Alcohol makes complex thinking more difficult, and the result tends to be that deception is more difficult as pent-up emotions and views come bubbling out – positive or negative. In a group setting where everyone is intoxicated, this provides deep emotional and social catharsis for everyone involved. It’s just as much fun to hear someone else vent the truth as it is to vent it yourself, whether the truth is “I really love you man” or “I really hate you man.” Alcohol accelerates the social selection and calculation process; the truth comes out inevitably, alcohol ensures it comes out earlier. This saves time and psychic energy for everyone who is dissembling or trying to keep track of others’ dissembling.
Complex organisms accumulate complexity until they are too complex to function, at which point they collapse. Alcohol allows for the accumulating complexity in the social relations of a group to be safely discharged before it destroys the group itself.
Alcohol allows for what we might call “social deception load” to be discharged as waste, rather than build up until the social machine stops working. People deceive each other almost instinctively if the opportunity arises, since there are always bound to be even tiny information asymmetries that benefit one at the expense of another. This is true of friends as well as enemies. Accumulating deceptions cause the social organism as a whole to function less truthfully (and therefore less efficiently) since people are operating with misinformation. This increasing load needs to be dealt with – one solution is to drink regularly and allow the truth to come out and reset everybody’s social deception meters–another is to increase the cost of trust significantly (which results in what is otherwise known as a “low trust society”).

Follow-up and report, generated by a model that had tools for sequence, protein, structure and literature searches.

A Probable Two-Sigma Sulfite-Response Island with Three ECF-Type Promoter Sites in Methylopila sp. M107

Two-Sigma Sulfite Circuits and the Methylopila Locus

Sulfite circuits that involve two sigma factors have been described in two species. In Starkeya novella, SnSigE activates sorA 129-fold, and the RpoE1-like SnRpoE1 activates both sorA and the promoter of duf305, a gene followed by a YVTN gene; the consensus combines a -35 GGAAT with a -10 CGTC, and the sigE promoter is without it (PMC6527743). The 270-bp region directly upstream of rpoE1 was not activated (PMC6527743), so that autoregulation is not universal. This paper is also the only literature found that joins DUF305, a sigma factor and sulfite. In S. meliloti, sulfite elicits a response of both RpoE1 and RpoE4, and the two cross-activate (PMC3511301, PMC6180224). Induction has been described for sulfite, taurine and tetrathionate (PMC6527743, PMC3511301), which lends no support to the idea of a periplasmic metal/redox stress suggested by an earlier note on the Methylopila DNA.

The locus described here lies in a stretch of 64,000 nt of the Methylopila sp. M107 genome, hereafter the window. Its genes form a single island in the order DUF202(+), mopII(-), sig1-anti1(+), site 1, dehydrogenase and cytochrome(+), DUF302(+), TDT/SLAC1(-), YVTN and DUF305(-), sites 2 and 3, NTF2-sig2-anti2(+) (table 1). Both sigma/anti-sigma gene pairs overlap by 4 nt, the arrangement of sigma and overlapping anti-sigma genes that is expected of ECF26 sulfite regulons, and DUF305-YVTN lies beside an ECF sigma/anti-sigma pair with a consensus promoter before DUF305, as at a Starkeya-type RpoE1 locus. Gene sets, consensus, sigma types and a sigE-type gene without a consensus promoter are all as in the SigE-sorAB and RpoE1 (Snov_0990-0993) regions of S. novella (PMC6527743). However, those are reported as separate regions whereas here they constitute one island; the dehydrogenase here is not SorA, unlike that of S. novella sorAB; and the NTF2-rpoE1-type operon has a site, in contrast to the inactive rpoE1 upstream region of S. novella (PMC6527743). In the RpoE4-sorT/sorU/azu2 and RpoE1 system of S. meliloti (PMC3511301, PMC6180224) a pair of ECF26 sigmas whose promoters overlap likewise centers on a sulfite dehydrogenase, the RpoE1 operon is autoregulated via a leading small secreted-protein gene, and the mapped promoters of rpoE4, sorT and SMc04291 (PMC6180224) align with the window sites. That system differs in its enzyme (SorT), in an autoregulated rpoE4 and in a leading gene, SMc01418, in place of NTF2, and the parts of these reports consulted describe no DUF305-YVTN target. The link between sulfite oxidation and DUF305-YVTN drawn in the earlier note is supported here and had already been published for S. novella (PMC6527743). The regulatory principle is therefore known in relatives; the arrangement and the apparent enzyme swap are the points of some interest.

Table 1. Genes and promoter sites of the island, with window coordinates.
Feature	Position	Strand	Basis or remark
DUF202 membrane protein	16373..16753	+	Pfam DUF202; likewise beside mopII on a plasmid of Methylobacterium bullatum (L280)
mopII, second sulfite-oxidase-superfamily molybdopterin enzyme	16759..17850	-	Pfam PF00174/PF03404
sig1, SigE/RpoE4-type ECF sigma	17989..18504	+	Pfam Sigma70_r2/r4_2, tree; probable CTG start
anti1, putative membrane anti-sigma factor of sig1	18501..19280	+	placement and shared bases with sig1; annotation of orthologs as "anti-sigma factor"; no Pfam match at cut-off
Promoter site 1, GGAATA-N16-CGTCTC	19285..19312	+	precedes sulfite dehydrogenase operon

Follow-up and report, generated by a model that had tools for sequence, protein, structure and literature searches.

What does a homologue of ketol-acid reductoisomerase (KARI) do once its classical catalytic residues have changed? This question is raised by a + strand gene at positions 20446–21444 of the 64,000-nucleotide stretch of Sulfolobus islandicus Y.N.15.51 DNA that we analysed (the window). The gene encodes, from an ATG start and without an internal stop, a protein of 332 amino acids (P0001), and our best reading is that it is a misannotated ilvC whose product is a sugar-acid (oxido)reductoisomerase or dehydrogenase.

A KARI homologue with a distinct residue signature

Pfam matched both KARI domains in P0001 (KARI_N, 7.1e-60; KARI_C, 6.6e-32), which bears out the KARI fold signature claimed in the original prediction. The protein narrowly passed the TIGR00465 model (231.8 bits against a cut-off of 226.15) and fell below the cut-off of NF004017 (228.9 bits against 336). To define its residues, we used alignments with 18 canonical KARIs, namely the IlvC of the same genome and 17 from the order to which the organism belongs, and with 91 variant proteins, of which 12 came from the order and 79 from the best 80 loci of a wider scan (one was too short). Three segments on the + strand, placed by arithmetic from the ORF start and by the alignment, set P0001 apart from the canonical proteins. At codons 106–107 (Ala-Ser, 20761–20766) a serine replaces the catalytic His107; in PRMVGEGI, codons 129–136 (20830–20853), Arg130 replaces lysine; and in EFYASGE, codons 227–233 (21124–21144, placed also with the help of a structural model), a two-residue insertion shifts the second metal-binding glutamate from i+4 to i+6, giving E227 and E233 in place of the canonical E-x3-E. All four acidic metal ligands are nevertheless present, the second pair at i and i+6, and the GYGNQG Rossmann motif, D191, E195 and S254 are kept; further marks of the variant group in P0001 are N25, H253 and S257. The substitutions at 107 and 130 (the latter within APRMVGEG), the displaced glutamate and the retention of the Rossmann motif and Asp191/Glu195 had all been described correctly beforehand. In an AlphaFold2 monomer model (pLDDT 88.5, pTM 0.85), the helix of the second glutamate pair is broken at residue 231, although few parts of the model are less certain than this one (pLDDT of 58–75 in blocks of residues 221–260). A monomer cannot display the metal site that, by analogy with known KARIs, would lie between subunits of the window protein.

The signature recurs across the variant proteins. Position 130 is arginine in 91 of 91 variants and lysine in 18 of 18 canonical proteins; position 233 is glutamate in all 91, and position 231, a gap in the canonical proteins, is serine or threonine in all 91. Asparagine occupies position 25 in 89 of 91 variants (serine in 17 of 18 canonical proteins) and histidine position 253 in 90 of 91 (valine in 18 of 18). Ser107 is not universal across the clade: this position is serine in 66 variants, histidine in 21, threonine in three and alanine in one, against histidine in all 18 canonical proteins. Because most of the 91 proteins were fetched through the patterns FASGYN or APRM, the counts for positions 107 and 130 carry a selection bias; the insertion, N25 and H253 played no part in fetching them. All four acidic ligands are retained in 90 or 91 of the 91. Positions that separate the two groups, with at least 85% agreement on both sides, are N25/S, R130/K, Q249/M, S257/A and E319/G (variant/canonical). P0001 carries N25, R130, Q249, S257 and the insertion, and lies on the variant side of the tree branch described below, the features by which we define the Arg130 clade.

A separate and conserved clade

Norms and customs set up around alcohol use provide not only an approximation of a truth serum, but a convenient focal point for frequent community contact, information exchange, and dispute resolution. The total package of alcohol consumption in a ritualized social setting results in a deeply powerful community glue. The result is a perfect substrate for complex organic civilization.
Despite the many attempts of the CIA and other intelligence agencies to formulate a perfect truth serum, it is unlikely that – at least for non-nefarious purposes – there exists a better candidate than alcohol. My only caveat would be that its use has to be limited to activities within the Mannerbund. It is men who need to build trust between each other to function with a single mind to survive, not women, and therefore the feasting should be limited to men.
With the usual restraints of moderation and virtue in mind, there is not much one can do wrong by drinking with friends. You might hurt your liver, but you’ll definitely help civilization.